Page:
Astral projection is the intentional separation of one’s consciousness from their physical body for the purpose of traveling outside of it.
Practitioners claim they can train themselves to do this, allowing them to travel to the “astral plane” and explore the hidden realms of their subconscious mind or the world of spirits. Mainly, they accomplish this through intense meditation and visualization techniques.
While astral projection is popular in new-age spiritual practices, the basic concept has existed for centuries through various schools of philosophy and religions.
In this article, we’ll explore the history of astral projection, techniques for these out-of-body experiences, and criticisms surrounding new-age astral projection techniques.
Astral projection — or out-of-body experiences (OBE) — isn’t just a new-age hippy concept. Accounts of OBE exist throughout various ancient cultures and spiritual traditions.
Some of the earliest possible mentions of astral projection come from ancient Greek and Egyptian civilizations.
The ancient Egyptians believed the soul and body were separate entities, and the soul continued to exist long after the body perished. They believed the soul consisted of multiple components.
Parts of the soul could leave the physical body and travel beyond it to visit the afterlife, communicate with gods, and return to the body unharmed. After death, the Egyptians believed the soul would remain, hanging above the body, while able to travel back and forth from the afterlife.
This was the driving force behind building the elaborate pyramids. Egyptians would bury people of note with their possessions and sacrifice their servants and pets so they could all remain in each other’s presence after death.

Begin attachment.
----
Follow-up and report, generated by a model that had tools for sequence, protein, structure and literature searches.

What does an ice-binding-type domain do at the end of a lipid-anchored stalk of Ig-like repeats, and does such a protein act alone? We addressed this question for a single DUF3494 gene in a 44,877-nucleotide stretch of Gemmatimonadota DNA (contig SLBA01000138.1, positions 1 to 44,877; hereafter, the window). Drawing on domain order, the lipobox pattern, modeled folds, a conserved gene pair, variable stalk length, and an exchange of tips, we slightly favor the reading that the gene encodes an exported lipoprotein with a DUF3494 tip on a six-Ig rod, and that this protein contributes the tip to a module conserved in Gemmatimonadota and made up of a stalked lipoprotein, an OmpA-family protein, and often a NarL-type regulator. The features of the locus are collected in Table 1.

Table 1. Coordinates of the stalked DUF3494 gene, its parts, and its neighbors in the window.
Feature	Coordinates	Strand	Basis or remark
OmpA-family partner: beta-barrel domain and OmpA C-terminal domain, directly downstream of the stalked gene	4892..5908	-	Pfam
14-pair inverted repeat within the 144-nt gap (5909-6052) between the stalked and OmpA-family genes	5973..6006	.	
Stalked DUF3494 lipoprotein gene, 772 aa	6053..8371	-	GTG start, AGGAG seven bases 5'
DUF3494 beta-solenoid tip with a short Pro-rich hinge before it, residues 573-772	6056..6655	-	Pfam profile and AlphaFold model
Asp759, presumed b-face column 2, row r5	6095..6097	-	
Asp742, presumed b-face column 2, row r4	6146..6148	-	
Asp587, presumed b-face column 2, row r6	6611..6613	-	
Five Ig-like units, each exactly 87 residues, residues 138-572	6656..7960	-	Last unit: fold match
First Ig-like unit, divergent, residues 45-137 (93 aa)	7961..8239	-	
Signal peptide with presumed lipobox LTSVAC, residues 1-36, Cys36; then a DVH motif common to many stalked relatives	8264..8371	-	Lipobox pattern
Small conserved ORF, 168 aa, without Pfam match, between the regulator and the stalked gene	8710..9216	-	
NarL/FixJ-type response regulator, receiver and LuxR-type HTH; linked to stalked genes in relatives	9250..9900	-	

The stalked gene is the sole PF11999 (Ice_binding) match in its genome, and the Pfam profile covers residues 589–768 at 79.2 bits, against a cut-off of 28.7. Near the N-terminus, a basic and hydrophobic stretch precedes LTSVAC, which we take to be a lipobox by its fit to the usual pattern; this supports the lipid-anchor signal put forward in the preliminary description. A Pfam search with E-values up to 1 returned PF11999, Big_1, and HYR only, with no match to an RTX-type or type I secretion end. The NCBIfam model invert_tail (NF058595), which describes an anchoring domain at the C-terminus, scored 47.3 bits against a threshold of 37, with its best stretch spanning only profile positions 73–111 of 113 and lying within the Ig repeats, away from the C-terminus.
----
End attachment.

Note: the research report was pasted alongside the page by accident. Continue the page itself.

Consciousness was an ethereal entity in ancient Greek mythology. They believed the soul could detach from the body to travel to the underworld — the residence of the dead.
The ancient Greek historian and philosopher Plutarch described an iconic tale of this out-of-body experience through the first-century parable of Aristeu. In it, Aristeu suffered a head injury resulting in a coma that lasted several days.
During this time, Plutarch reports his soul to have separated from his physical body and floated outside of it. Aristeu encountered a spiritual guide who led him through an intense spiritual transformation in this state.
At the end of this journey, Aristeu adopts a new perspective on life, changing his ethics and behavior. Essentially, his experience and results represent the goal of successful astral projection journeys.
We can’t fly past the history of astral projection without mentioning Plato.
In his book The Phaedo, Plato wrote about out-of-body experiences, exploring the nature of the soul and the afterlife . The book’s setting is a philosophical dialogue between his late mentor Socrates and his disciples on the day of his execution.
Socrates argues for the soul’s immortality, stating it exists before and after death, unbound to the physical world. He also believed that after separating from the body, the soul could experience pure forms and ideas normally inaccessible due to the physical body’s limitations.
In Hinduism lies the belief in multiple levels of reality — or “lokas” — including physical (earthy) and astral realms. According to Hindu philosophy, the astral body comprises the conscious mind and life force, which is distinct from the physical body.
This autonomy means it can exist independently of it.
They believe separating the astral soul from the physical body is possible through meditation and yogic practices such as pranayama (breathing techniques) and pratyahara (turning your attention inward).
After this, the individual can explore the astral realm, where they’ll gain insights into the true nature of reality and communicate with deities and spirits for guidance and healing.
Where Did The Term Astral Projection Come From?
Several indigenous traditions, like shamanism, Santeria, and Voodoo, seek out-of-body experiences through drumming, singing, meditation, and entheogenic drugs. Even non-intoxicating methods can alter consciousness, and they did this to seek communication with gods and ancestors, spiritual guidance, healing, and divination.
However, the term “astral projection” didn’t come about till much later in the 19th century with the advent of the Theosophical Society. Theosophism was an eclectic spiritual movement of philosophy and science, drawing from many ancient religious traditions.